Consolidation (business)

amalgamatedconsolidationamalgamation
In 1911 financier and noted trust organizer, "Father of Trusts", Charles R. Flint amalgamated (via stock acquisition) four companies: Bundy Manufacturing Company, International Time Recording Company, The Tabulating Machine Company, and the Computing Scale Company of America; creating a fifth company - The Computing-Tabulating-Recording Company.

Weighing scale

scalesscalebalance
CTR was initially located in Endicott, New York The amalgamated companies had 1,300 employees and manufactured a wide range of products, including employee time-keeping systems, weighing scales, automatic meat slicers, and punched card equipment.

Meat slicer

deli slicerfood slicerautomatic meat slicers
CTR was initially located in Endicott, New York The amalgamated companies had 1,300 employees and manufactured a wide range of products, including employee time-keeping systems, weighing scales, automatic meat slicers, and punched card equipment.

Auburn, New York

AuburnAuburn, NYAuburn, Cayuga County
The first time clock was invented on November 20, 1888, by Willard Bundy, a jeweler in Auburn, New York.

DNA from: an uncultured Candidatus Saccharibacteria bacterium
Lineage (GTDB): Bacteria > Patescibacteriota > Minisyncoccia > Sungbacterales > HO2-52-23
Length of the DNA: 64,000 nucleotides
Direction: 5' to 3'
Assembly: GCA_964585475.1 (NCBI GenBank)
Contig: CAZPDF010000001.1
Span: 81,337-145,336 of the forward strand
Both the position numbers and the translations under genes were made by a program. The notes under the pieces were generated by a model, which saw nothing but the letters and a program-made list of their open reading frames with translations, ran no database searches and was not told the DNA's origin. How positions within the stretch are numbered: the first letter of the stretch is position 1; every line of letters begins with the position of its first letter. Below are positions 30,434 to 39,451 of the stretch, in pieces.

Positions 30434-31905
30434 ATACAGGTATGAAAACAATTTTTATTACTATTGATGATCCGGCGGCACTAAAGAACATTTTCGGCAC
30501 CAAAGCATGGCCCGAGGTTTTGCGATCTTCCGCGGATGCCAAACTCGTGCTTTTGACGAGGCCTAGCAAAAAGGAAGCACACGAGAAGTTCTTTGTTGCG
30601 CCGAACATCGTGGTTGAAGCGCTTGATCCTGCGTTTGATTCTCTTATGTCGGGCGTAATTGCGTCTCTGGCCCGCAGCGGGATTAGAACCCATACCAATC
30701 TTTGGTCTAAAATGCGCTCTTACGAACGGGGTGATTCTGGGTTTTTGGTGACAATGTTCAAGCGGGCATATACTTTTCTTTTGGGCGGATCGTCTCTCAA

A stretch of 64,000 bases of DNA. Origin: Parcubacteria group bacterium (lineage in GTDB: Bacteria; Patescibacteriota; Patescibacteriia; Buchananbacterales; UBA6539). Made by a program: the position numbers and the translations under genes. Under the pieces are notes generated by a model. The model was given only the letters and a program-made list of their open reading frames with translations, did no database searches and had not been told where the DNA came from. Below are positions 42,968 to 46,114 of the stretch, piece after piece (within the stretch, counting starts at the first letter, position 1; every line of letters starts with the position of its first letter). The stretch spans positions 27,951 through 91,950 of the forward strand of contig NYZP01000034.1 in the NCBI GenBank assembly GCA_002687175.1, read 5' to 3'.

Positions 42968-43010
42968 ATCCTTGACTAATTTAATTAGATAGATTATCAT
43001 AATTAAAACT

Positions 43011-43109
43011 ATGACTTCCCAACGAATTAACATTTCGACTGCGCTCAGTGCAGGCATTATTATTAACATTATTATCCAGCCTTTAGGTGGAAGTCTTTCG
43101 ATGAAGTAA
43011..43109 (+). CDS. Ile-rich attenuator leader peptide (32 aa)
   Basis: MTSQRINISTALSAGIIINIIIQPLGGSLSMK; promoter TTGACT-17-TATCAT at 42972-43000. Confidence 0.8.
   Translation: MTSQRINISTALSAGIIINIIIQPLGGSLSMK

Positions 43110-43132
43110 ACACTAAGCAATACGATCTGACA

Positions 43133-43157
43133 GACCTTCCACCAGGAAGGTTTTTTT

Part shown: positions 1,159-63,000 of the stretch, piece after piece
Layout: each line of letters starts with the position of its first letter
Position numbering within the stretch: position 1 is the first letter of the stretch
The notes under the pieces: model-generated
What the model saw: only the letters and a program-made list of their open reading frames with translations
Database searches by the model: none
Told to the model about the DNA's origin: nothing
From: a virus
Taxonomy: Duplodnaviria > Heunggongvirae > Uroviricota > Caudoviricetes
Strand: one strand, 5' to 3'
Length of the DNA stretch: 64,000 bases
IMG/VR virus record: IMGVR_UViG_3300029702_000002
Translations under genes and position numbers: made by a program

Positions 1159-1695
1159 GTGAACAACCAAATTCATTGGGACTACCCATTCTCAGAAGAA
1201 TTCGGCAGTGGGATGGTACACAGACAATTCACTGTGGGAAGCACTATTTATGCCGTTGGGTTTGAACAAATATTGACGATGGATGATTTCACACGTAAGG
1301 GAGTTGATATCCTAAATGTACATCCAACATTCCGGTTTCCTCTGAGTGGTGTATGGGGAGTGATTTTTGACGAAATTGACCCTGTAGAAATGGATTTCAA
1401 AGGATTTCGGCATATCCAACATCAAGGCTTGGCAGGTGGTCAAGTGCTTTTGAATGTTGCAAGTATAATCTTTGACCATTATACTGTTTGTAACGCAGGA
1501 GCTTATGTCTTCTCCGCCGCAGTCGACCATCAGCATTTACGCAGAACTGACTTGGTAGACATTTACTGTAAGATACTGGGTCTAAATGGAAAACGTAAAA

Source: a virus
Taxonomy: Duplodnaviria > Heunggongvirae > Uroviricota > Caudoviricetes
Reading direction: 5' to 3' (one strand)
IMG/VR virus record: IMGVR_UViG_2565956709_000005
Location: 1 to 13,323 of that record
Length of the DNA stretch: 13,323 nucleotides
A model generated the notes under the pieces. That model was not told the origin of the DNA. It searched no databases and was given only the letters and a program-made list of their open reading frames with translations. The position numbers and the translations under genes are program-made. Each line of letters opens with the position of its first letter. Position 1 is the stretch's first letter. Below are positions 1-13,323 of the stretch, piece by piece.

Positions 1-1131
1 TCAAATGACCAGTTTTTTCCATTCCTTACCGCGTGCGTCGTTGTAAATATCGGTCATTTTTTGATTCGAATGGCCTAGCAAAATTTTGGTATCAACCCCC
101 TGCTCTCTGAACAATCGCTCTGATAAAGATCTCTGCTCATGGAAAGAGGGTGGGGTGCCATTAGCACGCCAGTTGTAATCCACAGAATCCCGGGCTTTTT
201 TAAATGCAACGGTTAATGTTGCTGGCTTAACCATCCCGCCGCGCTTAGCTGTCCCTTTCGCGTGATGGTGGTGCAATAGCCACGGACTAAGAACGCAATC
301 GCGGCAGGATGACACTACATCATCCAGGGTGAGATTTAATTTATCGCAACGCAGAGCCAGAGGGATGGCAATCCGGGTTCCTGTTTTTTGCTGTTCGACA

Rochester, New York

RochesterRochester, NYCity of Rochester
In 1894, J. L. Willard and F. A. Frick of Rochester, New York, formed the Willard & Frick Manufacturing Company as the first time card recorder company in the world.

Timesheet

time cardtime trackingtime sheet
In 1894, J. L. Willard and F. A. Frick of Rochester, New York, formed the Willard & Frick Manufacturing Company as the first time card recorder company in the world.

United States Census Bureau

U.S. Census BureauUS Census BureauCensus Bureau
Hollerith's series of patents on tabulating machine technology, first applied for in 1884, drew on his work at the U.S. Census Bureau from 1879 to 82. Hollerith was initially trying to reduce the time and complexity needed to tabulate the 1890 Census.

1900 United States Census

1900 census1900Population
In 1896 the Tabulating Machine Company leased some machines to a railway company but quickly focused on the challenges of the largest statistical endeavor of its day – the 1900 US Census.

Hobart Corporation

HobartHOBART GmbHHobart Manufacturing
- Computing Scale interested Watson the least and the largest element of this (Dayton Scale) was eventually sold off in 1933, to Hobart Manufacturing.